The Organic Acids Test by The Great Plains Laboratory evaluates levels of oxalates in urine. Oxalate (and its acid form, oxalic acid), is an organic acid that is primarily derived from three sources: the diet, fungus (such as Aspergillus and Penicillium), possibly Candida, and also human metabolism. Oxalic acid is the most acidic organic acid in body fluids and is used commercially to remove rust from car radiators. Antifreeze (ethylene glycol) is toxic primarily because it is converted to oxalate in the body. Two different types of genetic diseases are known in which oxalates are high in the urine, hyperoxalurias type I and type II, which can also be determined from the Organic Acids Test.
Foods especially high in oxalates are often foods thought to be otherwise healthy, including spinach, beets, chocolate, peanuts, wheat bran, tea, cashews, pecans, almonds, berries, and many others. People now frequently consume “green smoothies” in an effort to eat “clean” and get healthy, however, they may actually be sabotaging their health. The most common components of green smoothies are spinach, kale, Swiss chard, and arugula, all of which are loaded with oxalates. These smoothies also often contain berries or almonds, which have high amounts of oxalates as well. Oxalates are not found in meat or fish at significant concentrations. Daily adult oxalate intake is usually 80-120 mg/d. A single green smoothie with two cups of spinach contains about 1,500 mg of oxalate, a potentially lethal dose.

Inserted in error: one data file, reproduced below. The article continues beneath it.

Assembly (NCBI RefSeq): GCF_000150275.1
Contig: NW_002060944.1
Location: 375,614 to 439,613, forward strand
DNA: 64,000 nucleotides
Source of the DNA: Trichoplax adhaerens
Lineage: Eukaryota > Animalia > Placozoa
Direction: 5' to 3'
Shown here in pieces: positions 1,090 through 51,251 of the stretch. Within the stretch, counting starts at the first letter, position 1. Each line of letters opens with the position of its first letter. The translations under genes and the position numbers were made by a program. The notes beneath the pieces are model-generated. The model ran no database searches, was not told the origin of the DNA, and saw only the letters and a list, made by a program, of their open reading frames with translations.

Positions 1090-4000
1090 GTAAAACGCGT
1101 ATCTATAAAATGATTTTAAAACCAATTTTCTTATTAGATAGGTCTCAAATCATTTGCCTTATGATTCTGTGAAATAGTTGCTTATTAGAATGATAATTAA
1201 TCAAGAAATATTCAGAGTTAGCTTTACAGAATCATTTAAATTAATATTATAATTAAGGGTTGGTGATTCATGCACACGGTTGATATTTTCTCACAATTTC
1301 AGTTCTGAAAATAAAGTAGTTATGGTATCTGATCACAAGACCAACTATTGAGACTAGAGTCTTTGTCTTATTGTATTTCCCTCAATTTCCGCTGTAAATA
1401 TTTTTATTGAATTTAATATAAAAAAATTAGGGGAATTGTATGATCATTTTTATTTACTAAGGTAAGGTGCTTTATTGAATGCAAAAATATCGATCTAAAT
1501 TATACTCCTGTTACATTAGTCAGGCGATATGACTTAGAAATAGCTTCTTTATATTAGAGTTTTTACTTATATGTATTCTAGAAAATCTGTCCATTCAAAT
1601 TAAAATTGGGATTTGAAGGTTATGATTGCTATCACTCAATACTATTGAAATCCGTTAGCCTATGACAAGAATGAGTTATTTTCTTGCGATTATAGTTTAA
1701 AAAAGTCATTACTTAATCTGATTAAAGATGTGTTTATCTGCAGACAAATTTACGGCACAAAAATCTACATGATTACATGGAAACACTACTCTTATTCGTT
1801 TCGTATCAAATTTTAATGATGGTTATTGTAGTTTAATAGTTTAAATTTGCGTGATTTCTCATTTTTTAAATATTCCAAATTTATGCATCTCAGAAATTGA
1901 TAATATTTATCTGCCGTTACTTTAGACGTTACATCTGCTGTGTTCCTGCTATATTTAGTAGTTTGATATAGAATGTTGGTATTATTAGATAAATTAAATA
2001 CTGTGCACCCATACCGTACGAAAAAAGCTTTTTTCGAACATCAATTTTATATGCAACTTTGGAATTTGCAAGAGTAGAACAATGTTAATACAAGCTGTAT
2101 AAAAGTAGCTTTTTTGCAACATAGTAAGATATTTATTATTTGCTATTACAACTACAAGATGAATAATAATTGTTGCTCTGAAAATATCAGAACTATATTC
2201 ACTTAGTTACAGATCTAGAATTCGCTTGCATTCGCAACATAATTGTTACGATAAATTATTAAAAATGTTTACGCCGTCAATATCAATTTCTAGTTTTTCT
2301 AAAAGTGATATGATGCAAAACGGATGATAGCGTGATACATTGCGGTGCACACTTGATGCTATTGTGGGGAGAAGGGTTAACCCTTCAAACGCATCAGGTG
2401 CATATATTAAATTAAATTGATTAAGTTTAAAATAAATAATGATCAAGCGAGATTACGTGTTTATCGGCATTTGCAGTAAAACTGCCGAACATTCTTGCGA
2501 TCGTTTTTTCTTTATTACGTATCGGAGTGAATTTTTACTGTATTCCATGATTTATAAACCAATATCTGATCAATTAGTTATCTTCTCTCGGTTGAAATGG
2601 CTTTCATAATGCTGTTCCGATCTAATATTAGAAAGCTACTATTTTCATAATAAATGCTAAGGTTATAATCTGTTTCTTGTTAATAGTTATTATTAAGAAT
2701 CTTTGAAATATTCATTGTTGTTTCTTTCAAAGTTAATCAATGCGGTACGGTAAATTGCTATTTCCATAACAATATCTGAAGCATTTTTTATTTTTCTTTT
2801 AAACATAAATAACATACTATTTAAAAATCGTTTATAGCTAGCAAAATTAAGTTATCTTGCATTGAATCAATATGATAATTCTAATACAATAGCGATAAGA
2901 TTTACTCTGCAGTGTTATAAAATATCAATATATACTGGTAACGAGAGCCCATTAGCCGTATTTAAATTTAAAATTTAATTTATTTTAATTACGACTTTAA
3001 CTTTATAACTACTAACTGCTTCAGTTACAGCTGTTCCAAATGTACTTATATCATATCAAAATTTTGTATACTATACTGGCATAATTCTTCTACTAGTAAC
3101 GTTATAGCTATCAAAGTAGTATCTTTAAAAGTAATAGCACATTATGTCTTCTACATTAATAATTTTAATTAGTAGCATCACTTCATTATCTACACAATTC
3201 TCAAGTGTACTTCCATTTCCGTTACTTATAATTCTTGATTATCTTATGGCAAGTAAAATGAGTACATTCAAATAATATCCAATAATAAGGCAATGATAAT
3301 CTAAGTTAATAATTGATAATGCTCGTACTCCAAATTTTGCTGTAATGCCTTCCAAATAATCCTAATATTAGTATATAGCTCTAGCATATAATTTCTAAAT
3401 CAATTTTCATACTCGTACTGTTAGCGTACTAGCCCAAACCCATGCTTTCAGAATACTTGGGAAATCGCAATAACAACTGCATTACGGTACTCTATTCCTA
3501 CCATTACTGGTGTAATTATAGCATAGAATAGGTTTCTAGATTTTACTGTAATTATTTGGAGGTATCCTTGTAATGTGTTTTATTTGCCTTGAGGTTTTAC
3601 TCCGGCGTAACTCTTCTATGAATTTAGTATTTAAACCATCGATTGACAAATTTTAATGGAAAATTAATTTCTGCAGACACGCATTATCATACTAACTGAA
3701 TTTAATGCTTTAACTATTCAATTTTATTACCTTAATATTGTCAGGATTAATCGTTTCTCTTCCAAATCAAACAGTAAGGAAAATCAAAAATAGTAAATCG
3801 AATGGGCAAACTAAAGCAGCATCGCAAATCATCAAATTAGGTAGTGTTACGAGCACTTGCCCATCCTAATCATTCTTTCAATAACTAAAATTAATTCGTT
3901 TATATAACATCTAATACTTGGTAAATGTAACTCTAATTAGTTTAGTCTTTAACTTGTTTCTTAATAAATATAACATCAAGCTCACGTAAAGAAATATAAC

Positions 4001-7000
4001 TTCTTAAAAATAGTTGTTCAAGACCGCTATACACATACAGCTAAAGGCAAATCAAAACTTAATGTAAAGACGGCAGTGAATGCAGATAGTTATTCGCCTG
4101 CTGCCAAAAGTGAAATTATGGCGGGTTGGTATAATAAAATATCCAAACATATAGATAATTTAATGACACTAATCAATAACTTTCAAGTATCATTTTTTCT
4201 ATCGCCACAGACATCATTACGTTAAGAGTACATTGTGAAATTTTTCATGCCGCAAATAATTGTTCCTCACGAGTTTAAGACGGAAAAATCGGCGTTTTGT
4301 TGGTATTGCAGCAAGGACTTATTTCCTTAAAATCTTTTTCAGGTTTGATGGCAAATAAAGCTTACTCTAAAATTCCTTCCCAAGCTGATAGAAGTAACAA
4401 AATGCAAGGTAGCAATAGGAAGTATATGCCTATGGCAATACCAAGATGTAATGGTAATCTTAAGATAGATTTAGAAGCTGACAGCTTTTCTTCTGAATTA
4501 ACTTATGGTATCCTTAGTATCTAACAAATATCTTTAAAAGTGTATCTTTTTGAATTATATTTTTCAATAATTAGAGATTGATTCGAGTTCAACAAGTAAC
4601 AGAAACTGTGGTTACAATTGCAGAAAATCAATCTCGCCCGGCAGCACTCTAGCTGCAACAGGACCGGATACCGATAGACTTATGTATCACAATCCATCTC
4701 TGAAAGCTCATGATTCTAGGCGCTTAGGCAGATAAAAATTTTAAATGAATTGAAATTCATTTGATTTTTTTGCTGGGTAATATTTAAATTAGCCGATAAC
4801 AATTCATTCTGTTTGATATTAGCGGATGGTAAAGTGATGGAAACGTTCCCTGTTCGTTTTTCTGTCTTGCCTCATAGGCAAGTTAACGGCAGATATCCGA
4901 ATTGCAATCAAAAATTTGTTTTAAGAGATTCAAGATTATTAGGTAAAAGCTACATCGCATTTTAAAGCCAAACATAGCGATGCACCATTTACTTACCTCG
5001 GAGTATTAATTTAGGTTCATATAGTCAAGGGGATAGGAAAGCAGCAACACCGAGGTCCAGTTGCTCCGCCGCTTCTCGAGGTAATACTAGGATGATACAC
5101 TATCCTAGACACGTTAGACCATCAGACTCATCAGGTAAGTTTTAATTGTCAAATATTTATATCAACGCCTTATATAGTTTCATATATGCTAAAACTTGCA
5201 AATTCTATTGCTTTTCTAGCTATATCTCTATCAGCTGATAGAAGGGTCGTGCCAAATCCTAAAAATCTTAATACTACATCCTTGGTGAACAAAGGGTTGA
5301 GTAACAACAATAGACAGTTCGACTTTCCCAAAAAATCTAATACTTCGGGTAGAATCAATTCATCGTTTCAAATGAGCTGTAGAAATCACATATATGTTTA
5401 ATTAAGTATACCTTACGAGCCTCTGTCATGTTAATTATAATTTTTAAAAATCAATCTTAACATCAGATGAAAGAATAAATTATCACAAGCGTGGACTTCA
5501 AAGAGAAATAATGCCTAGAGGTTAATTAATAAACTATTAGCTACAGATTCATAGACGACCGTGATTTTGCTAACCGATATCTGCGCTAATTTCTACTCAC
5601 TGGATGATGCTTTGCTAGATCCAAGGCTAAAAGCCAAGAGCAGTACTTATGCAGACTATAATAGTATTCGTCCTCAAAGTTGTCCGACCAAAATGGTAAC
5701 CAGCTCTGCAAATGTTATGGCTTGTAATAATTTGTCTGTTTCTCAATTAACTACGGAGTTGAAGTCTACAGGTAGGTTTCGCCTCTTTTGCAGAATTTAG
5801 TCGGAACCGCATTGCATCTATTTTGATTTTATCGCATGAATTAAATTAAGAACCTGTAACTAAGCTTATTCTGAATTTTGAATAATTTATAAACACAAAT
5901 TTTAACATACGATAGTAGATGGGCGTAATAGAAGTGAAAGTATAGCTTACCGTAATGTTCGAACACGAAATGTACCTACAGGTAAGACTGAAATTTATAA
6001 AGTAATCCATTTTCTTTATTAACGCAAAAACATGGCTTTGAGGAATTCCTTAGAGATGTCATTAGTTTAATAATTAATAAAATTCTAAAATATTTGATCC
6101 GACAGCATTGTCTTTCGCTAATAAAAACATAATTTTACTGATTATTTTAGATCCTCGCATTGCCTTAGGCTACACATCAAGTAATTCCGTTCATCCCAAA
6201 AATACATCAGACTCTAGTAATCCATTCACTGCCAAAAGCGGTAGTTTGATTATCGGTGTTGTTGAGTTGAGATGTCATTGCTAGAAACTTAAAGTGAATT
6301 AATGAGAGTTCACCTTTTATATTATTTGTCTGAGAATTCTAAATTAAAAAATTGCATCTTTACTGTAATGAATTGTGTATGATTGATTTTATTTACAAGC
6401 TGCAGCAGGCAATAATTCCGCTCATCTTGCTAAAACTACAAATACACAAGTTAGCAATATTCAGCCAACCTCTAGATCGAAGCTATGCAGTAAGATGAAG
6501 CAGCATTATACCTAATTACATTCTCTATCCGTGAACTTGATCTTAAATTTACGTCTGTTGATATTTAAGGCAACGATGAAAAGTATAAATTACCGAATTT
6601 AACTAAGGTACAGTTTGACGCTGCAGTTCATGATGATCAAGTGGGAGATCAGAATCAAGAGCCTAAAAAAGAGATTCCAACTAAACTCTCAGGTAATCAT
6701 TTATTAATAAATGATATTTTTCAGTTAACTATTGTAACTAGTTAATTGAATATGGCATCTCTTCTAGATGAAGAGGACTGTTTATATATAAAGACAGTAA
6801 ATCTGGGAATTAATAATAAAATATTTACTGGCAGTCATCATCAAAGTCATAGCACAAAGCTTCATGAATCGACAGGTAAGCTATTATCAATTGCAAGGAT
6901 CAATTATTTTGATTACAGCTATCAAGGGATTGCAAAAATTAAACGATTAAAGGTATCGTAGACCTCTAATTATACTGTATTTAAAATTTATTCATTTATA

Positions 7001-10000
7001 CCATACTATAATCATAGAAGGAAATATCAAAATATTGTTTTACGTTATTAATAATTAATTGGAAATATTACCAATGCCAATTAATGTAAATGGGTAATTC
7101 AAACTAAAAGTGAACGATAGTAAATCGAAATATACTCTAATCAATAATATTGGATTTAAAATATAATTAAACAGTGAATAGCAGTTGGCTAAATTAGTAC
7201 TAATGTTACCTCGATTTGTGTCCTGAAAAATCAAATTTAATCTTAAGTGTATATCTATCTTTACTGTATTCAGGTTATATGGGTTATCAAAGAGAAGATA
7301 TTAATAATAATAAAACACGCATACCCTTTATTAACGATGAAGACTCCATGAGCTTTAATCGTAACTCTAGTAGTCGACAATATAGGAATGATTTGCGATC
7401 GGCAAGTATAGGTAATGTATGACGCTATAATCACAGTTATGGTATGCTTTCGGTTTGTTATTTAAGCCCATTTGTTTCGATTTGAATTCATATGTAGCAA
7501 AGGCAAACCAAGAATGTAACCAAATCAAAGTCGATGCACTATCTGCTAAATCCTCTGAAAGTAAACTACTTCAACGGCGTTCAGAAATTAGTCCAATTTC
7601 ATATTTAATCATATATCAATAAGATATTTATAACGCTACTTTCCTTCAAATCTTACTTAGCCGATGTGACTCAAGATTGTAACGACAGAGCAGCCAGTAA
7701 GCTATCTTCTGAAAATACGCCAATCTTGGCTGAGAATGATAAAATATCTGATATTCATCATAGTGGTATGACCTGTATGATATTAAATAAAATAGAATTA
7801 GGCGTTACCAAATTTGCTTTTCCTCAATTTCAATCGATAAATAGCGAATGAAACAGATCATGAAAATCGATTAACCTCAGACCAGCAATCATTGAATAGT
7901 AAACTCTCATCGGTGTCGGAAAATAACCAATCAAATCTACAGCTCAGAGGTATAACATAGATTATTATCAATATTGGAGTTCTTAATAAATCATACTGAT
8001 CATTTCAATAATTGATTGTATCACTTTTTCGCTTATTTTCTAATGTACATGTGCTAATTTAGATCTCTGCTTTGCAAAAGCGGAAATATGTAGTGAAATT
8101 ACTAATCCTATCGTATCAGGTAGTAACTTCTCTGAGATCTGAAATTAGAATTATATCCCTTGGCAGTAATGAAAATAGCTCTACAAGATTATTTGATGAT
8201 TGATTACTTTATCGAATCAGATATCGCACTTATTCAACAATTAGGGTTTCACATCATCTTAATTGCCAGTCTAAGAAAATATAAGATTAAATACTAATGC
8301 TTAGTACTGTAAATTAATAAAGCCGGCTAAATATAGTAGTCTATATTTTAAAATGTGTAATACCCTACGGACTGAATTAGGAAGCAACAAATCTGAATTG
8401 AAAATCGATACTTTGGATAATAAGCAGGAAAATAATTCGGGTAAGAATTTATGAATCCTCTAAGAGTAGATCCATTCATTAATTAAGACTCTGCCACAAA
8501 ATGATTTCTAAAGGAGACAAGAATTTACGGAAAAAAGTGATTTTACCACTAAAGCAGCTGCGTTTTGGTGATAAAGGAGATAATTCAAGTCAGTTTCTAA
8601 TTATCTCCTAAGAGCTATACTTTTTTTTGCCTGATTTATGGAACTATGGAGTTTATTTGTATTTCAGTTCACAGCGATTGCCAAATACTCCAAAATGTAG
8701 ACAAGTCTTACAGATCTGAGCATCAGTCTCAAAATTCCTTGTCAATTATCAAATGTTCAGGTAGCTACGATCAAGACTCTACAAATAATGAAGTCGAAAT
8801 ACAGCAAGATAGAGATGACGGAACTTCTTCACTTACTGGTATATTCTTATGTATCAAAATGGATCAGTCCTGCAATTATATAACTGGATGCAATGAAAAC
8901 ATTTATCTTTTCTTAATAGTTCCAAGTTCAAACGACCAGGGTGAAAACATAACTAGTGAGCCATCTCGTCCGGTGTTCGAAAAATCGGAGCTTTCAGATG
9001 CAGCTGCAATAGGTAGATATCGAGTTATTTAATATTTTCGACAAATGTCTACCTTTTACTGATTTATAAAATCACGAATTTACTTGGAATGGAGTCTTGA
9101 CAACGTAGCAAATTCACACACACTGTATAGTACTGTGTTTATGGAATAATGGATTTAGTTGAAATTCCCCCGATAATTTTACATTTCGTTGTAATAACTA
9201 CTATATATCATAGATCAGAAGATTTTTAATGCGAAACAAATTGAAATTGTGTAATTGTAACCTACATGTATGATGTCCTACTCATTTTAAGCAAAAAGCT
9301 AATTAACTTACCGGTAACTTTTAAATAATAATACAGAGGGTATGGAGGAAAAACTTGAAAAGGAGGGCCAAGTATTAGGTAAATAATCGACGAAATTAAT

High Oxalate Food List
Beans (baked, green, dried, kidney)
Peppers (chili and green)
Potatoes (baked, boiled, frieds)
Fats, Nuts Seeds
Dark or “robust” beer
Cereal (bran or high fiber)
Whole wheat bread
Crisp bread (rye or wheat)
Whole wheat flour
External sources of oxalates include ethylene glycol, the main component of antifreeze. Antifreeze is toxic mainly because of the oxalates formed from it. In addition, some foods also contain small amounts of ethylene glycol. Vitamin C (ascorbic acid or ascorbate) can be converted to oxalates but the biochemical conversion system is saturated at low levels of vitamin C so that no additional oxalate is formed until very large doses (greater than 4 g per day) are consumed. The high correlation between arabinose and oxalates indicate that intestinal yeast/fungal overgrowth is likely the main cause for elevated oxalates in the autistic spectrum population. The deposition of oxalates in critical tissues such as brain and blood vessels, the oxidative damage caused by oxalate salts, and the deposition of oxalate mercury complexes in the tissues.